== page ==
Feeling VS Thinking one is feeling (Qi Gong, Vipassana, Anapana)

thumbnail
David Starflower, modified 4 Years ago at 9/17/17 11:19 PM
Created 4 Years ago at 9/17/17 11:19 PM

Feeling VS Thinking one is feeling (Qi Gong, Vipassana, Anapana)

Posts: 33 Join Date: 9/10/17 Recent Posts
When recently practicing Anapana (following the breath) I suddenly felt an unfamiliar sensation and was faced with the fact that I might just have imagined certain sensations.

I especially have trouble feeling the outbreath. So I did a few slightly harder breaths to get the sensations, went back to normal and started noticing again and searched for that sensations. Seek and you shall find…

Thinking further this brought me to the questions on "how to you know a sensation is real". When doing Vipassana (Goenka style) the instruction is deliberately only to listen and not to imagine etc. body parts. Qi Gong on the other hand (I haven't done it thoroughly yet, so please correct me if I am wrong) brings you to feel "the energy"™, so you are looking for something specific and might be prone to the same issue.

Lastly, if you do Vipassana, should you "end up with Qi Gong" as you find that you sense your energy flowing along the meridians as Qi Gong practitioners "knew all along"?

I know that "what is real anyway" is tricky question and I hope the way I put my questions into words does not insult anybody.

What are your opinions and experiences?
Adam M, modified 4 Years ago at 9/18/17 3:00 AM
Created 4 Years ago at 9/18/17 3:00 AM

RE: Feeling VS Thinking one is feeling (Qi Gong, Vipassana, Anapana)

Posts: 51 Join Date: 8/7/17 Recent Posts
Hi David. I don't know anything about Qi Gong but you sound like a natual vipassana worker with a mixture of hard work and curiosity. As concentration improves you normally notice other things about the breath and sensations that are a bit odd as part of the processing of these sensations change. You can then come to realise intuitively as well as intellectualy that your perception of reality is more affected by the processing of your brain than anything that occurs outside. It can feel quite profound sometimes.
thumbnail
Daniel M Ingram, modified 4 Years ago at 9/18/17 3:44 AM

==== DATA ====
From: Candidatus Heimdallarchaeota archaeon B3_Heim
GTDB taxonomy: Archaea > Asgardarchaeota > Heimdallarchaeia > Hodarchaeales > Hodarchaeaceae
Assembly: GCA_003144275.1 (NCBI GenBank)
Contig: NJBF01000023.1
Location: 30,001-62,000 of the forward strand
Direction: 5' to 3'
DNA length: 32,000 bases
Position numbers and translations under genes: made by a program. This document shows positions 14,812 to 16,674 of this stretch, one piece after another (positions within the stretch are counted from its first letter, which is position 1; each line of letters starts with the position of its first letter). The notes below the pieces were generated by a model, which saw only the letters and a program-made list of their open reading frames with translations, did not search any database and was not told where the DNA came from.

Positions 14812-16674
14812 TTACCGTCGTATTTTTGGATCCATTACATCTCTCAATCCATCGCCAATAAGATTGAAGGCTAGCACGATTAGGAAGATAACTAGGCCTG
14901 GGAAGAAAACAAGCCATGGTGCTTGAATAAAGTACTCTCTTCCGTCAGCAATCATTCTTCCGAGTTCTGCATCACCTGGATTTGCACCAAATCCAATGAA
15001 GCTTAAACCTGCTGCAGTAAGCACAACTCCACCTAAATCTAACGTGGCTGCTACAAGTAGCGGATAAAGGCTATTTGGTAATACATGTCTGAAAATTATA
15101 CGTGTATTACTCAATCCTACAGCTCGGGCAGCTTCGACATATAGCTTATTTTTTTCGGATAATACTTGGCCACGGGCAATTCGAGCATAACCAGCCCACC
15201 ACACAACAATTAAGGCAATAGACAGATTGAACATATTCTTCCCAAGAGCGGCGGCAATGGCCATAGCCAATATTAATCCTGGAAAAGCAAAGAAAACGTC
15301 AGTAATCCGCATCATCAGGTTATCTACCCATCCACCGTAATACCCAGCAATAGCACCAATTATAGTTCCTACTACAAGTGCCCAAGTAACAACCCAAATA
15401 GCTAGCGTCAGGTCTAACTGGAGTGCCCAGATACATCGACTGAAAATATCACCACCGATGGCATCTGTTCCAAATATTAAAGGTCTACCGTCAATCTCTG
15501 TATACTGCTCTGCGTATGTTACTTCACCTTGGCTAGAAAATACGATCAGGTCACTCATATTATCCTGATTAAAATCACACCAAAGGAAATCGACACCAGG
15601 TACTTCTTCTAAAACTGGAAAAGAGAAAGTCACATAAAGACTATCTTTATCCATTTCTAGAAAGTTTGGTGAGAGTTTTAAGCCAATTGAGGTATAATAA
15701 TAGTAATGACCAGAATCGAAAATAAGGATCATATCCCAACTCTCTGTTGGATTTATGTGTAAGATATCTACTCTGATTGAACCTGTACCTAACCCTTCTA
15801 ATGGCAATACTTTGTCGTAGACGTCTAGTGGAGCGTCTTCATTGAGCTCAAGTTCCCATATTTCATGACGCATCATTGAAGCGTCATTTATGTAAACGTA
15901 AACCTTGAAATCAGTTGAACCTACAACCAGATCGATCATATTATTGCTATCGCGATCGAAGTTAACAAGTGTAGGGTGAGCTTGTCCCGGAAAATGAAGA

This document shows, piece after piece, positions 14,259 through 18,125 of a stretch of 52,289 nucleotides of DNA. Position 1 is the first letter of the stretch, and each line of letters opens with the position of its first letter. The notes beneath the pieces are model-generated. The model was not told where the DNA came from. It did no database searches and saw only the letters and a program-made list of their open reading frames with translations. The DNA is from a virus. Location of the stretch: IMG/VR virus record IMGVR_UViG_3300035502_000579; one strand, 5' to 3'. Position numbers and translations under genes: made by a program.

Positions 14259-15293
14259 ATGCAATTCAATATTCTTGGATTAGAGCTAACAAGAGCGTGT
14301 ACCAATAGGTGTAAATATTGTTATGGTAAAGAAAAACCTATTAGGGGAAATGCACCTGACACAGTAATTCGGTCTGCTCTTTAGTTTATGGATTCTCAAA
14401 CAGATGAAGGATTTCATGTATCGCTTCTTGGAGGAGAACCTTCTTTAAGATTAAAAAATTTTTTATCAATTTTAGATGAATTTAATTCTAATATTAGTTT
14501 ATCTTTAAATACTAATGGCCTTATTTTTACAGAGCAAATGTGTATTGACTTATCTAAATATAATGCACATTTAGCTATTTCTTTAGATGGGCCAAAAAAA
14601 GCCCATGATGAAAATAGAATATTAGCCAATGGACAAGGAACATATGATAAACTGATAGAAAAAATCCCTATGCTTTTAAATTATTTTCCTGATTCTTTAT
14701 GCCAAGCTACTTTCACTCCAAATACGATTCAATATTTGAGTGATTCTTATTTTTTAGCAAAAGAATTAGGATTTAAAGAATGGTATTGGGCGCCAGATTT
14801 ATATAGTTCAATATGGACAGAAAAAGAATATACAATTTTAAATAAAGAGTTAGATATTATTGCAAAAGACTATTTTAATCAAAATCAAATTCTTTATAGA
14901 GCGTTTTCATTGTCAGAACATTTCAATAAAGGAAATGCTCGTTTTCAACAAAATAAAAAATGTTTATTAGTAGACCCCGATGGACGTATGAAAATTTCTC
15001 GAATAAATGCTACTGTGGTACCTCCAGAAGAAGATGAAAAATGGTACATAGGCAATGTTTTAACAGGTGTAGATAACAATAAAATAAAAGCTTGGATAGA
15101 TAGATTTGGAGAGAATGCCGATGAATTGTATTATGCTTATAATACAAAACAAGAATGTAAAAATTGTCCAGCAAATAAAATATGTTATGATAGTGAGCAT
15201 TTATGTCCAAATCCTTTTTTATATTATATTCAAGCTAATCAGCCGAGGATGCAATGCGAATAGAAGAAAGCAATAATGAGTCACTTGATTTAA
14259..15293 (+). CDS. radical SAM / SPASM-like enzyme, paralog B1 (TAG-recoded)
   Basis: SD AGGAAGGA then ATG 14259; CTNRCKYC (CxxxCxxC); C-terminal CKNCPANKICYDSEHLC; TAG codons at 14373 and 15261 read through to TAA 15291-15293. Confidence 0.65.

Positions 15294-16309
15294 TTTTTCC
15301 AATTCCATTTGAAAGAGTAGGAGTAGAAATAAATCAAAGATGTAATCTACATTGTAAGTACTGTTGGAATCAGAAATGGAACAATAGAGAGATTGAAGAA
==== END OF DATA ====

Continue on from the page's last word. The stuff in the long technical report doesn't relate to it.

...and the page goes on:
Created 4 Years ago at 9/18/17 3:44 AM

RE: Feeling VS Thinking one is feeling (Qi Gong, Vipassana, Anapana)

Posts: 3231 Join Date: 4/20/09 Recent Posts
Imagined sensations are actually still sensations, just mental sensations, though mental sensations may have subtle visual, auditory, tactile, etc components to them, that is unless your concentration gets very strong, and then they might seem as real as "real" sensations.

So, be they imagined sensations, "real" sensations, or any other sorts of sensations, from a vipassna point of view, all sensations, be they mental or physical, are valid objects for investigation, as all demonstrate the Three Characteristics.
thumbnail
David Starflower, modified 4 Years ago at 9/19/17 1:22 AM
Created 4 Years ago at 9/19/17 1:21 AM

RE: Feeling VS Thinking one is feeling (Qi Gong, Vipassana, Anapana)

Posts: 33 Join Date: 9/10/17 Recent Posts
I am in TMI stage 2/3, so it's from a samatha and not from a vipassana point of view. It still seems like a very valid argument to me because as the instruction is to observe, there is something that I do observe. I tend to overthinking and am worried (haha, hindrance found) I am doing it wrong. Thanks for the response to both of you :-) 
thumbnail
jonjohn, modified 4 Years ago at 9/19/17 4:47 AM
Created 4 Years ago at 9/19/17 4:44 AM

RE: Feeling VS Thinking one is feeling (Qi Gong, Vipassana, Anapana)

Posts: 91 Join Date: 3/24/17 Recent Posts
Daniel M. Ingram:
Imagined sensations are actually still sensations, just mental sensations, though mental sensations may have subtle visual, auditory, tactile, etc components to them, that is unless your concentration gets very strong, and then they might seem as real as "real" sensations.

One question i have about mental, is if there is a "mental" part in an anger, or hope for example, that is not reduced to bodily sensations? What it means some object to be mental? Ι don't think i can relate to this. Is it some kind of limited concentration issue? And one more in the same subject, is there a way to discern between "mental" seeing and plain seeing. All in one, is there a part of experience that is not reduced to seeing, smelling, hearing, bodily feeling etc?  

Thank you

Breadcrumb